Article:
Kansas State’s head-coaching debate concerning the football program has been as placid as a cloudless, calm summer day with a robin-egg blue sky; that changed suddenly, like a Kansas thunderstorm accompanied with a howling wind and thunder and lightning.
Coach Bill Snyder signed a new five-year contract as head coach that runs through the 2022 season. That, however, doesn’t determine what the future may hold when the head-coaching situation is examined closely.
Going into the 2018 season, Kansas State’s football coaching staff has changed significantly since 2017. This transformation has been so subtle that it has gone largely unnoticed by Wildcat fans. K-State has two rookies at the vital positions of offensive and defensive coordinators.
Andre Coleman is Snyder’s new offensive coordinator; Coleman played wide receiver for Snyder and has been an assistant coach at K-State for six years. Coleman will be 46 on September 19. And Blake Seiler—who also played at K-State under Snyder—is defensive coordinator; Seiler has coached under Snyder for 10 years and he’s 34 years old.
These head-coordinator coaching positions are almost as important as Bill Snyder’s leading role. Coach Snyder will be 79 on October 7; he’s the oldest active FBS college football coach in the nation. At that age, it’s physically challenging to stand on the sideline for three hours during a stress-filled game—let alone making all the game-altering decisions. That routine will change this season.
Coleman and Seiler are inexperienced as coordinators and they’ll need help in the decision making; Sean Snyder will be the one to provide that assistance.
It’s no secret that Bill Snyder wants his son to succeed him as K-State’s next head coach. That’s one of the reasons K-State has two rookies at the vital coordinator coaching slots. Bill Snyder will be on the sideline, but look for Sean Snyder to handle the majority of the head coaching duties.
Sean Snyder is not a rookie. The younger Snyder will be 49 years-old on September 21; he’s been an assistant coach at K-State for 25 years. And he’s in his eighth year as Associate Head Coach/Special Teams Coordinator and Director of Football Operations. Sean Snyder has the deserved reputation of being on a very short list of the best special-teams coaches in the nation. And young Snyder is going to be making the majority of the major coaching decisions for K-State this fall.
Bill Snyder’s new contract has one main purpose: it stabilizes recruiting and alleviates controversy concerning Snyder’s advancing age. Snyder’s hiring of rookie coordinators was no mistake; it’s all part of his justified strategy to promote Sean Snyder as his successor by giving him more and more responsibilities.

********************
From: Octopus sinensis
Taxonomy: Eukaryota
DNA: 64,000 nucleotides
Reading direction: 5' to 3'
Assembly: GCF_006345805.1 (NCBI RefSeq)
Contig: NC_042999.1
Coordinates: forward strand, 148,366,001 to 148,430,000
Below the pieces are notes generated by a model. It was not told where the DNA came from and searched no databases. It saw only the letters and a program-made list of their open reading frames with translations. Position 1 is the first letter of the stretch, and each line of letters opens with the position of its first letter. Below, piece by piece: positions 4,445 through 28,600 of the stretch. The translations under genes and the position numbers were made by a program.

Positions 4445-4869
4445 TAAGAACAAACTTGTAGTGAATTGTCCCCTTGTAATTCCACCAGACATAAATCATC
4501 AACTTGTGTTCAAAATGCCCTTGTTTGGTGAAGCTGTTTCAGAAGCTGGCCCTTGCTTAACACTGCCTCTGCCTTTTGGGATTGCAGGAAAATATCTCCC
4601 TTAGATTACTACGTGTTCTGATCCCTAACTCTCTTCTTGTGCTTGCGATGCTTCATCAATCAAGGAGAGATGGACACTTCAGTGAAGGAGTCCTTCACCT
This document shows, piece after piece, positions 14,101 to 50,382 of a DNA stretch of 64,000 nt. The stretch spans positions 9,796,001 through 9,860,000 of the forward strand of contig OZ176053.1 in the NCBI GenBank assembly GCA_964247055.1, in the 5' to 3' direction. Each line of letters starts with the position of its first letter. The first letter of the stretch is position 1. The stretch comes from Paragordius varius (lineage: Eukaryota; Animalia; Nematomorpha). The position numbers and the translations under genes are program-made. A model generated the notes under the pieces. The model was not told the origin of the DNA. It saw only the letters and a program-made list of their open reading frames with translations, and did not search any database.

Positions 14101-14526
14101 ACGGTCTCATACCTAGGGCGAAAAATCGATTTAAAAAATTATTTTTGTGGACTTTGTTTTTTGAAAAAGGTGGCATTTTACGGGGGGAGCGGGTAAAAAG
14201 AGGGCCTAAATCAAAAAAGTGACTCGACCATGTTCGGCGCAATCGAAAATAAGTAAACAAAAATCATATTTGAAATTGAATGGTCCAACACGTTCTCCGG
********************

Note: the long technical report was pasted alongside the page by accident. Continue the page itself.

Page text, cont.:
As the new season rapidly approaches, Bill Snyder is pleased with his team’s progress and said, “I think they have kind of become a more spirited group of guys. We have had three practices and I have seen that spirit grow during that period of time—more so than in the spring. It seems to be a group that has a good level of commitment to the process. All of these are positive things I am pleased about; they are a group of guys not afraid to work at it . . . they do not seem to want to back away from anything.”
Anticipation is already building for the Mississippi State game at Snyder Family Stadium on September 8. This game will draw nationwide interest; it will be upper echelon teams from the SEC and the Big 12 playing for a high national ranking. What a season this promises to be for Kansas State football.
The highly anticipated opening NFL exhibition game for the Kansas City Chiefs turned out to be a typically lackluster 17-10 loss. These preseason games are totally meaningless as teams play their regulars sparingly or not at all.
Despite the rationalization about the loss, there is some cause for concern because of the play of the offensive and defensive lines. Houston dominated the line of scrimmage when they had the ball and also stuffed the Chiefs’ first-string offense.
QB Patrick Mahomes debut as KC’s starter turned out to be mediocre at best; Mahomes spent most of his limited playing time trying to avoid Houston’s pass rush because of the Chiefs’ ineffective offensive-line play.
NFL teams can have their regular season destroyed by injuries—before it even starts—during these ridiculous preseason games. Mahomes took a couple of vicious hits during last Thursday’s game that could have resulted in a serious injury.
The NFL should reduce the chance of preseason injuries by limiting exhibition games from four to two. NFL teams play a 16-game regular-season schedule and it’s hard enough to keep players healthy without four exhibition games.